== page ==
Tuesday: Work.

Wednesday: Internship. More research at the Brooklyn Historical Society’s library.

Thursday: Work. This:

Screen Shot 2014-04-27 at 10.56.28 PM

(If you’re thinking, “What’s Parkour?” here’s an example.)

Friday: Work.

Saturday: Work.

When the perfect job becomes a total nightmare

Some things shouldn’t change. My first job was one that did.

Last week, I posted this piece on Medium. I wrote it last semester for Advanced Creative Writing and have been holding onto it, waiting to be sure I wasn’t returning to my old job and wanting to be careful about where I shared it and how.

Names have been changed, but those who know me know the place and the people — all of which still mean a lot to me. Read and feel free to comment, keeping in mind that this story is close to my heart.

When the perfect job becomes a total nightmare: Some things shouldn’t change. My first job was one that did.

I miss the dragon kite. I miss the picnic table in the back parking lot, the neat stacks of Coca-Cola trays, the recyclables organized next to the green dumpster with April’s butcher paper note forbidding residents of the Ironclad Building from putting their trash in Benny’s dumpster. I miss the parmesan bread twists, the peanut butter chocolate chip cookies, and homemade Focaccia bread. I miss the muffin-offs, setting Brett’s strawberry cheesecake muffins against my blueberry lemon poppy. I miss the fresh produce: crisp and tart apples, blueberries the size of your thumbnail, peaches whose juice drips down your arm and off your elbow.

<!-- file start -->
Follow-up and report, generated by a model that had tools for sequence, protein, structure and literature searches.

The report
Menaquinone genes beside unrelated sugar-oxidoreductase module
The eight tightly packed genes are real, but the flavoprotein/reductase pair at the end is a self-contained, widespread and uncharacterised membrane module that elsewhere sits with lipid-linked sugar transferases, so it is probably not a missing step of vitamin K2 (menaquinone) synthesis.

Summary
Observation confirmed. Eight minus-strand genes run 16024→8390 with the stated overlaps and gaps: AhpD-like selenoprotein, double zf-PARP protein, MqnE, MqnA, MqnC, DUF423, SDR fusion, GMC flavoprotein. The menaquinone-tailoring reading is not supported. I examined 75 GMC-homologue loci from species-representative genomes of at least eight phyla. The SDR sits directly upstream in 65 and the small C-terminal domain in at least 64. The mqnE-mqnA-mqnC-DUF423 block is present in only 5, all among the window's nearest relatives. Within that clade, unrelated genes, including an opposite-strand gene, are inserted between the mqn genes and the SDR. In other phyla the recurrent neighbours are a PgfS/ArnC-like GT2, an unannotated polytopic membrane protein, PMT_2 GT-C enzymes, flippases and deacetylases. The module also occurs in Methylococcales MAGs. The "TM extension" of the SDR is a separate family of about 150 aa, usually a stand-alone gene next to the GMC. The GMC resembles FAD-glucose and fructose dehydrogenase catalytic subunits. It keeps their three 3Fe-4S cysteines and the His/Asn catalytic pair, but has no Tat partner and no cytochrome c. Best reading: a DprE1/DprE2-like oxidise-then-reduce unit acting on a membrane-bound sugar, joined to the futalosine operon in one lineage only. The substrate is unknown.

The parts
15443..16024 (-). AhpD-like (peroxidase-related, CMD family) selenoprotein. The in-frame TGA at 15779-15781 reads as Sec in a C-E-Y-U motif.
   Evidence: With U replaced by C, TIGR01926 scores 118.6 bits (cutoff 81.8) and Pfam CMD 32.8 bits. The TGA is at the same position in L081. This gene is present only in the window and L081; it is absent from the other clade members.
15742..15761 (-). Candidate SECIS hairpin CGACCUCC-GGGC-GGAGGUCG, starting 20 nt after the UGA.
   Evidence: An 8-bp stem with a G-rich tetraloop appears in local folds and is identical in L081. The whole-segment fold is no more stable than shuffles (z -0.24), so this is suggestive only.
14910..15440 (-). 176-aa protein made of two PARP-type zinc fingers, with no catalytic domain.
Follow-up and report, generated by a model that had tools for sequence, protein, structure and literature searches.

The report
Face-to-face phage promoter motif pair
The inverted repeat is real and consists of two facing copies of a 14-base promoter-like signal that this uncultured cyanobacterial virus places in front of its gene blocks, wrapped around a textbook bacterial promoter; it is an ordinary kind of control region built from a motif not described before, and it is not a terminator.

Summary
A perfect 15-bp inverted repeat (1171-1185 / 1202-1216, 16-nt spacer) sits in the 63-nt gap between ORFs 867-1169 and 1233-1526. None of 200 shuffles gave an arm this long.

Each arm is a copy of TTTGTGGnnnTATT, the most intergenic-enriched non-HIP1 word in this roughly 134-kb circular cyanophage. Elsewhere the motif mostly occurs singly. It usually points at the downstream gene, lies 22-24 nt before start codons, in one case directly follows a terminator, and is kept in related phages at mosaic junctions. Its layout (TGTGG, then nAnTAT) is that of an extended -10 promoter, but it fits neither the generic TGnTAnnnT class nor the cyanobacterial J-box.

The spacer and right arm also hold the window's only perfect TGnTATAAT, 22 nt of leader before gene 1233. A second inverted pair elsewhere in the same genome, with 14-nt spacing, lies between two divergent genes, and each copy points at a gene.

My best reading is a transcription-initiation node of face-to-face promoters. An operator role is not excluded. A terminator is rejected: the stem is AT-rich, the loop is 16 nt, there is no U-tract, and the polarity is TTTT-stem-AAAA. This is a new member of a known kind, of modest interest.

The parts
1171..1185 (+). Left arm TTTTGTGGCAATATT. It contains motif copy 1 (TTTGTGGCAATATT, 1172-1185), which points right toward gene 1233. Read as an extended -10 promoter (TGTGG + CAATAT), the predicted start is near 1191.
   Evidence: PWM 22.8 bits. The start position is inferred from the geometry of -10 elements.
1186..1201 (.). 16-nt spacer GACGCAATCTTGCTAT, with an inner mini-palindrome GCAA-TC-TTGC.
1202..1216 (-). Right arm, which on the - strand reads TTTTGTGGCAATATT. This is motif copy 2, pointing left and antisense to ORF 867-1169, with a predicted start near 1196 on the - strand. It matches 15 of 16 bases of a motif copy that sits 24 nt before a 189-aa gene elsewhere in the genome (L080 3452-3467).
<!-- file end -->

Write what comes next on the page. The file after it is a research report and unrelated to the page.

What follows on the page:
I miss Benny’s Market as I first knew it. I miss the Benny’s that was all of this.

I only know Benny’s from behind the counter. The first time I stepped inside, I was job-hunting with my best friend. I’d never been there before and our 90-second stop furnished me with only . . . READ MORE.

NYC Week Eleven: False fronts

Read last week’s post here or view all other New York City posts.

The Ironclad Building on Main Street in Cooperstown looks well-kept from the outside: two clean, windowed storefronts on the ground level, second- and third-floor windows surrounded by if not fresh, at least not peeling paint.

The Ironclad Building

You would never guess, from looking at the outside, that the Ironclad Building has an uneven staircase made of raw, unfinished wood with holes allowing sunshine, shadow, and all matter of dirt from climbers’ shoes to fall through onto the equally uneven, possibly more treacherous staircase below. You would never guess it has a slight bug problem, seeing the types of hairy creepers that prefer hanging out in dusty corners of old buildings.

Down the street, the building housing the Village Library, Police Department, and Art Association has kept up similar appearances.

Ctown library
Looks can be deceiving.